Thursday, July 03, 2008

Port Volumes increase by 237 per cent over two years

"We've turned a corner and we've got a much brighter future and hopefully there will be many more bright things to come," -- Joe Rektor, vice-president of finance and administration for the Prince Rupert Port Authority, responding to financial reports that show a sizeable increase in shipments through the port's facilities.

The opening of the Fairview Container Port combined with increased volumes through Prince Rupert Grain and Ridley Terminals are proving to be a fairly solid recipe for transportation success on the North coast.

Wednesday's Daily News featured details on the surge of shipments that have passed through the Port of Prince Rupert since 2005, the positive financial performance was highlighted as the papers' front page story.

Volumes rise in 2007 by 237 per cent over quantities shipped through Rupert in '05
By Leanne Ritchie
The Daily News
Wednesday, July 02, 2008

The opening of the Fairview Container Terminal and strong performances by Ridley Terminals and Prince Rupert Grain resulted in tonnage volumes through the Port of Prince Rupert increasing by 35 per cent in 2007.

At the Prince Rupert Port Authority (PRPA) annual general meeting last week, Joe Rektor, vice-president of finance and administration, said tonnage was up by more than 11 million as the port continued to recover from the economic slowdown that happened between 2002 and 2005. The 2007 tonnage was 237 per cent up on the 2005 level.

The driving numbers behind the port's finances is the amount of traffic that moves through its facilities.

"We've turned a corner and we've got a much brighter future and hopefully there will be many more bright things to come," said Rektor.

Revenues increased from $5.7 million in 2006 to $7.689 million in 2007. However, expenses also increased - from $5.562 million to $7.767 million - as the port authority continued to plan for the development of Phase Two of the Fairview Container terminal. The PRPA also took on $22-million in long-term debt in order to finance the construction of Phase One of Fairview. This debt will be paid off by 2016.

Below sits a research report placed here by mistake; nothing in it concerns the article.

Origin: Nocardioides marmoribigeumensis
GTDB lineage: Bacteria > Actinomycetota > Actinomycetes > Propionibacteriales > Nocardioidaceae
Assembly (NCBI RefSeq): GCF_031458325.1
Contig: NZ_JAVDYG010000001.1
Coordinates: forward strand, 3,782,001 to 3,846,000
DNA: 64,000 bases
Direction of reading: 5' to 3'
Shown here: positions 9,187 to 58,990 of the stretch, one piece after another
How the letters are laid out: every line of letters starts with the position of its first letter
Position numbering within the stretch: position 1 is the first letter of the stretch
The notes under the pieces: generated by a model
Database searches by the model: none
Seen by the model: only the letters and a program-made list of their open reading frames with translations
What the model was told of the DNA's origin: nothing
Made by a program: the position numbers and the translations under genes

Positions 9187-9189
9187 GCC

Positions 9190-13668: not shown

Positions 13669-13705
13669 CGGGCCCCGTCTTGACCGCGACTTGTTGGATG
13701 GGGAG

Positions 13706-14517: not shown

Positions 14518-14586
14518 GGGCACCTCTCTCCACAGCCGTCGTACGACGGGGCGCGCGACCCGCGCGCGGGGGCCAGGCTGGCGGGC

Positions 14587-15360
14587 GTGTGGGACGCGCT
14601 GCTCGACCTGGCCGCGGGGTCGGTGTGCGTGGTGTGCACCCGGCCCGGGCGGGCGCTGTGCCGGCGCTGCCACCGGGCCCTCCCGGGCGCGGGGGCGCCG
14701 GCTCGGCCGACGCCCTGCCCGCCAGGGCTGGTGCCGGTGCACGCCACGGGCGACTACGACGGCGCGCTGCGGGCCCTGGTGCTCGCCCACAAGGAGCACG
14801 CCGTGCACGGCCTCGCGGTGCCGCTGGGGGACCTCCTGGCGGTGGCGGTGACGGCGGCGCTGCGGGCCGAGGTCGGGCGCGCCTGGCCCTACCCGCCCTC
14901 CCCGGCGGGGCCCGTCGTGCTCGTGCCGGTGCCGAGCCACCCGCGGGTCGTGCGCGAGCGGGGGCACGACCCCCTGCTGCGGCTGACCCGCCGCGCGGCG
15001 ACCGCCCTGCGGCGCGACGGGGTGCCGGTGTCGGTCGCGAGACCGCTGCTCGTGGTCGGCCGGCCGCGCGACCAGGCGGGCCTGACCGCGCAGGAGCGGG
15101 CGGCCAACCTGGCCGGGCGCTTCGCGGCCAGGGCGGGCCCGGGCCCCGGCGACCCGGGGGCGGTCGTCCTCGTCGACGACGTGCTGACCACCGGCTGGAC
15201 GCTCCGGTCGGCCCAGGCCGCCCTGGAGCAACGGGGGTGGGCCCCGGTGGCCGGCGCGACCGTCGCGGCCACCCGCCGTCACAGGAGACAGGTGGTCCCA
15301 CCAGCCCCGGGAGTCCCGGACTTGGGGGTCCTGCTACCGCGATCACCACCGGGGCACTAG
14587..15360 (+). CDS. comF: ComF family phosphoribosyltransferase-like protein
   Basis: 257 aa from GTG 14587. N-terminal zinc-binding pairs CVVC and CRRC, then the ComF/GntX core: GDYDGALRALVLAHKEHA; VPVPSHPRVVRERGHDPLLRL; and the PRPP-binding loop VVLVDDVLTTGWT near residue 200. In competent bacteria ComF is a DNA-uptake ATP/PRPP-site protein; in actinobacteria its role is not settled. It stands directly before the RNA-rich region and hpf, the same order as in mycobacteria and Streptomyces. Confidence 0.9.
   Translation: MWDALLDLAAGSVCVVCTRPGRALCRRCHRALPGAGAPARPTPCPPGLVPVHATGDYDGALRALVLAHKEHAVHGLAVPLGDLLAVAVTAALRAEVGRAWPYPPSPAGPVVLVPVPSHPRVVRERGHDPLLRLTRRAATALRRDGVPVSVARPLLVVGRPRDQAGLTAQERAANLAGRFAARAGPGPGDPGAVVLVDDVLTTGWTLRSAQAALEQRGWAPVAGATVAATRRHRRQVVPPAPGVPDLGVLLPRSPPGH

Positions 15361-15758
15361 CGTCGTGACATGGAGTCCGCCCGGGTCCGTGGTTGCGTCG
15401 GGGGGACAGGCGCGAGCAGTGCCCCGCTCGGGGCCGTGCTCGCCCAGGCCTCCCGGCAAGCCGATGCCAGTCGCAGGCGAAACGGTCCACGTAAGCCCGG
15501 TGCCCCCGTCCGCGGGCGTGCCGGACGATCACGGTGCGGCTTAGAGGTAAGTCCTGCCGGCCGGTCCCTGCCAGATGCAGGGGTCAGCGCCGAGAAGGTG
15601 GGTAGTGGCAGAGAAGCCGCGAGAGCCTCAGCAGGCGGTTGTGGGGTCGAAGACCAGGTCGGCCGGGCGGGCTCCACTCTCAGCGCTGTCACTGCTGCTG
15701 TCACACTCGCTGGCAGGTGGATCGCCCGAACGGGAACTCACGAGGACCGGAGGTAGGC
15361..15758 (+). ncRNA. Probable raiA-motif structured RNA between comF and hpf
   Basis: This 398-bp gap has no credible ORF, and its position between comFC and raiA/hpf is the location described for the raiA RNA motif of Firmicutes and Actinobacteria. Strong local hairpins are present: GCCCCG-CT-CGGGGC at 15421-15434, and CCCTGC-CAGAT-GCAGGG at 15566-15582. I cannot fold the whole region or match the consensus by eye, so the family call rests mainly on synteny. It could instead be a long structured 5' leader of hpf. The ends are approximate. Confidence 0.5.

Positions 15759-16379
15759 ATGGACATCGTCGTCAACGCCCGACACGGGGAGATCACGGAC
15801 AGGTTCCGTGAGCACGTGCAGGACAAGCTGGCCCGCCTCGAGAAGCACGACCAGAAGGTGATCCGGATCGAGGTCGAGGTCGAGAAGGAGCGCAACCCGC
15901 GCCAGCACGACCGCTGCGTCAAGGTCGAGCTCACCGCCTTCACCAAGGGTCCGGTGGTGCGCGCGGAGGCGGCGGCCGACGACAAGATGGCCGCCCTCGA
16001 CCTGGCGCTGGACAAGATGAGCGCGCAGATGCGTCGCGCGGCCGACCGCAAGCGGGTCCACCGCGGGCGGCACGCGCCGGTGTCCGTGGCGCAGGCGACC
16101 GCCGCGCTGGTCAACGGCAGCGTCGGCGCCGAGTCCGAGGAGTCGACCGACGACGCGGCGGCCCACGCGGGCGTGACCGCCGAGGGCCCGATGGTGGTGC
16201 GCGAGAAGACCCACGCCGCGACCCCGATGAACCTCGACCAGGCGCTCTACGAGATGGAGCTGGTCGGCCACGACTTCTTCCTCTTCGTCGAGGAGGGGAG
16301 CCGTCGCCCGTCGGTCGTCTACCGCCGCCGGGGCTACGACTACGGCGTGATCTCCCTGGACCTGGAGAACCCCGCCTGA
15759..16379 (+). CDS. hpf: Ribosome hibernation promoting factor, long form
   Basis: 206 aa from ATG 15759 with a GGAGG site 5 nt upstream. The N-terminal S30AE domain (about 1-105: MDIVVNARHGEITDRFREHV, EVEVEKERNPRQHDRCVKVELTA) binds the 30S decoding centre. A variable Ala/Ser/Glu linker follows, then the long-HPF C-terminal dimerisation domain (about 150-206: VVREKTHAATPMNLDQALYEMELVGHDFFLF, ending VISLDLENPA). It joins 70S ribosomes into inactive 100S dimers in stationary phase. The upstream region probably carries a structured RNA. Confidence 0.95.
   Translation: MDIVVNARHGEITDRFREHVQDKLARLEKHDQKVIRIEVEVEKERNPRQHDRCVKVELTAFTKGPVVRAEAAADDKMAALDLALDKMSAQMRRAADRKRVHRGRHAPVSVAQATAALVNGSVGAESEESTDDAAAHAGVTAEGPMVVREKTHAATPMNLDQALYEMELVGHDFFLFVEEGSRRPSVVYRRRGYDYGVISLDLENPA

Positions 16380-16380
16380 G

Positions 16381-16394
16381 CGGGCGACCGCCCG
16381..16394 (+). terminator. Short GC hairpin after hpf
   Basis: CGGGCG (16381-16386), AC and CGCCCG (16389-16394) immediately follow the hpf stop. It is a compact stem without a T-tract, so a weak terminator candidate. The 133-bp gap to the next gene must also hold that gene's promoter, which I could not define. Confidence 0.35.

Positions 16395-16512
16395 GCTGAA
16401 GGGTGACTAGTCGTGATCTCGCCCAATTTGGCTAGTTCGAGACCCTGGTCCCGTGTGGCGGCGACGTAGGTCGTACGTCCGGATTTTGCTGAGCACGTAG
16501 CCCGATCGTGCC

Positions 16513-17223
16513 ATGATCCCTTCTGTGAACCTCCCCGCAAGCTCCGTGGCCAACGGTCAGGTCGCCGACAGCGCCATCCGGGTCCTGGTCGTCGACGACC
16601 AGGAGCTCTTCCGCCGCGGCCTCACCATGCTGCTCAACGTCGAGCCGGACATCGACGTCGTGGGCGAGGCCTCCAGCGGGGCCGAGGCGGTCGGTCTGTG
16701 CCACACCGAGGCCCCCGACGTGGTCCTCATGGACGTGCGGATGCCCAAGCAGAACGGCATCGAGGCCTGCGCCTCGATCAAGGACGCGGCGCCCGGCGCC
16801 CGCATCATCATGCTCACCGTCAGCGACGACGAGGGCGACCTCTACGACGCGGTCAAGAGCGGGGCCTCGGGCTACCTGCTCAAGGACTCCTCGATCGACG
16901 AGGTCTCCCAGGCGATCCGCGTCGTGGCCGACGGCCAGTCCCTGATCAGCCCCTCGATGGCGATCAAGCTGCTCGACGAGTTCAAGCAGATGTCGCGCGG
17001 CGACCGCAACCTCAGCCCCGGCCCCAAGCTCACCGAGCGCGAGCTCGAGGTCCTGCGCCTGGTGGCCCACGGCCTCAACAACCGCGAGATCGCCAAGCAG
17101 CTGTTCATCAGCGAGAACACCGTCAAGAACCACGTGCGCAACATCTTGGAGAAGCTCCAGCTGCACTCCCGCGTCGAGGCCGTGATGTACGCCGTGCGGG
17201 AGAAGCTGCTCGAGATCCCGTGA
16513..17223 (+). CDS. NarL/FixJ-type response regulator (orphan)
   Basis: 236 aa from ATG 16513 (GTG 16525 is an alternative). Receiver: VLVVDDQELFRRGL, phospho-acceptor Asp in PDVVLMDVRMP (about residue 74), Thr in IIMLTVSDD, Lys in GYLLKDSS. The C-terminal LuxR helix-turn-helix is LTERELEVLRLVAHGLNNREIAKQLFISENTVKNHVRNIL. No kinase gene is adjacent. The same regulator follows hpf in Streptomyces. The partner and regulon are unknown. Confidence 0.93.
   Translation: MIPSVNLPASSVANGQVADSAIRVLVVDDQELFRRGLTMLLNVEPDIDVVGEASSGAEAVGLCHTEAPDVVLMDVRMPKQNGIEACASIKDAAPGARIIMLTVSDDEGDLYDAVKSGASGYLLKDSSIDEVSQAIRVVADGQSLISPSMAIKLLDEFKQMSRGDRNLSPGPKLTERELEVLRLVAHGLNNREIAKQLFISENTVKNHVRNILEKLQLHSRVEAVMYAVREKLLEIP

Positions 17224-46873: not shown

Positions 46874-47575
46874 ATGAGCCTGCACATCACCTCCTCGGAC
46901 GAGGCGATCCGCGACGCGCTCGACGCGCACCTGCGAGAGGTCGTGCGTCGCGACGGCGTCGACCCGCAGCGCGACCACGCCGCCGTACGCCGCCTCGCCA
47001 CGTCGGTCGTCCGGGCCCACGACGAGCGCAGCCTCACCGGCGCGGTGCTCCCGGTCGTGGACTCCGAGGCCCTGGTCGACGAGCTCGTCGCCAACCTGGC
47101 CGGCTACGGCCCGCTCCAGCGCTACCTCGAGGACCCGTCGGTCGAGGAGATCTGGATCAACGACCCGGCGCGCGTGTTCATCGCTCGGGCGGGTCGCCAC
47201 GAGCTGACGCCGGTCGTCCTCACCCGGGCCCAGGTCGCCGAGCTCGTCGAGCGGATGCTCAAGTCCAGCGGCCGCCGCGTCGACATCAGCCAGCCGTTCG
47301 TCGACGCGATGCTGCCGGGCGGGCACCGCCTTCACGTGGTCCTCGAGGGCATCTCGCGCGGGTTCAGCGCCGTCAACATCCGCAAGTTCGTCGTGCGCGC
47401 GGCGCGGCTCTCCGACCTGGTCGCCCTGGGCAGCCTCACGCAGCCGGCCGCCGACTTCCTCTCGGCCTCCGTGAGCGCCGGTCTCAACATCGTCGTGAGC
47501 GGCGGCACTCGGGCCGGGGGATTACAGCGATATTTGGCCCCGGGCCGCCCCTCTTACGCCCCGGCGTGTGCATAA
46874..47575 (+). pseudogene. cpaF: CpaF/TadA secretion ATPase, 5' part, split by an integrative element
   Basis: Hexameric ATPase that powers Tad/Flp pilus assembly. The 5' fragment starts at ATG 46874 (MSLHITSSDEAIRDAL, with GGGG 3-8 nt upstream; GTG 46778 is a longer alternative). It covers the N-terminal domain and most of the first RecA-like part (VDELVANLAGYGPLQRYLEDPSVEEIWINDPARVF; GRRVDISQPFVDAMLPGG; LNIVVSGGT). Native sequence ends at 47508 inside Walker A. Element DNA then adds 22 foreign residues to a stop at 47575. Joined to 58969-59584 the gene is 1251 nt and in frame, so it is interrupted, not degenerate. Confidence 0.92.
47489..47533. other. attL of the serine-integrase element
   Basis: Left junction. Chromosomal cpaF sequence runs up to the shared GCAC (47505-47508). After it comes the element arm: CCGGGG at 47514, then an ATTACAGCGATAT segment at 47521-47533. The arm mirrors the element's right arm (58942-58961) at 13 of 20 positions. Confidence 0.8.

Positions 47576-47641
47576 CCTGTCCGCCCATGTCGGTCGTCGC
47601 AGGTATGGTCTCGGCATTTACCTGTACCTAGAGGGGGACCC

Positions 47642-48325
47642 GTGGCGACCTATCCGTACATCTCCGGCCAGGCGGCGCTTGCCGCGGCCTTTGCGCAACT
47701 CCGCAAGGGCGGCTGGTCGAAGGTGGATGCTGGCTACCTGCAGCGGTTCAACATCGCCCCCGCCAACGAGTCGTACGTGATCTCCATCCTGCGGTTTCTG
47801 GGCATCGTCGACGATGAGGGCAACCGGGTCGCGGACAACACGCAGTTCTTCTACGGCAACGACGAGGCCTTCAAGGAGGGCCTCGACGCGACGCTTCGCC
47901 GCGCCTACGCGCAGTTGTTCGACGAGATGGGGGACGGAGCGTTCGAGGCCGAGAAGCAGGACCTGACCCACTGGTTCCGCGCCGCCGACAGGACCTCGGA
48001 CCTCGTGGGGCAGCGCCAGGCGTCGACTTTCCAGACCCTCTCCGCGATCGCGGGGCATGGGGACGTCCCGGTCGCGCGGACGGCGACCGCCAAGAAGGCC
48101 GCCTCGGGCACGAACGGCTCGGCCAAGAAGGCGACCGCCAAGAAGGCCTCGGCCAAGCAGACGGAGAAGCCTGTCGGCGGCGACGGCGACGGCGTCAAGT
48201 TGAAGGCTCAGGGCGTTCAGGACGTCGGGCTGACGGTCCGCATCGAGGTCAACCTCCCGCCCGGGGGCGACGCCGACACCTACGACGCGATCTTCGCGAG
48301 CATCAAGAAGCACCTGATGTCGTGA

The $170-million Fairview Container Terminal project was financed for $25-million by the PRPA, with the remaining amount coming from CN Rail and Maher Terminals.

The port came out of 2007 with a loss of $219,000. It remains in good overall financial health, with more than $9 million in assets and $104 million in property, plants and equipment.

"The year 2007 really is the year we became a leading trade corridor gateway," said Don Krusel, president and CEO of the Prince Rupert Port Authority.

"It was about bringing that container facility into action. It's something we have been talking about in this community for what seems like decades," said Krusel.

There were 17,000 container movements through Fairview between Oct. 31 and Dec. 31, 2007, and the facility has repeatedly proven itself as a successful business model, said Krusel.

"What we were selling was speed and efficiency. We said we were going to create the fastest express gateway from Asian markets into the North American," he said.

"The industry is now talking about the fact that containers moving through this gateway are reaching their destination ... three days faster than the fastest alternative."

Ridley Terminals showed a continued rebound in 2007, shipping 5.09 million tonnes.

Prince Rupert Grain had another good year, shipping in excess of five million tonnes.

Two thousand and seven was also the best year yet for cruise ship activity since the opening of the Northland cruise ship terminal in 2004. The year saw almost 100,000 passengers.

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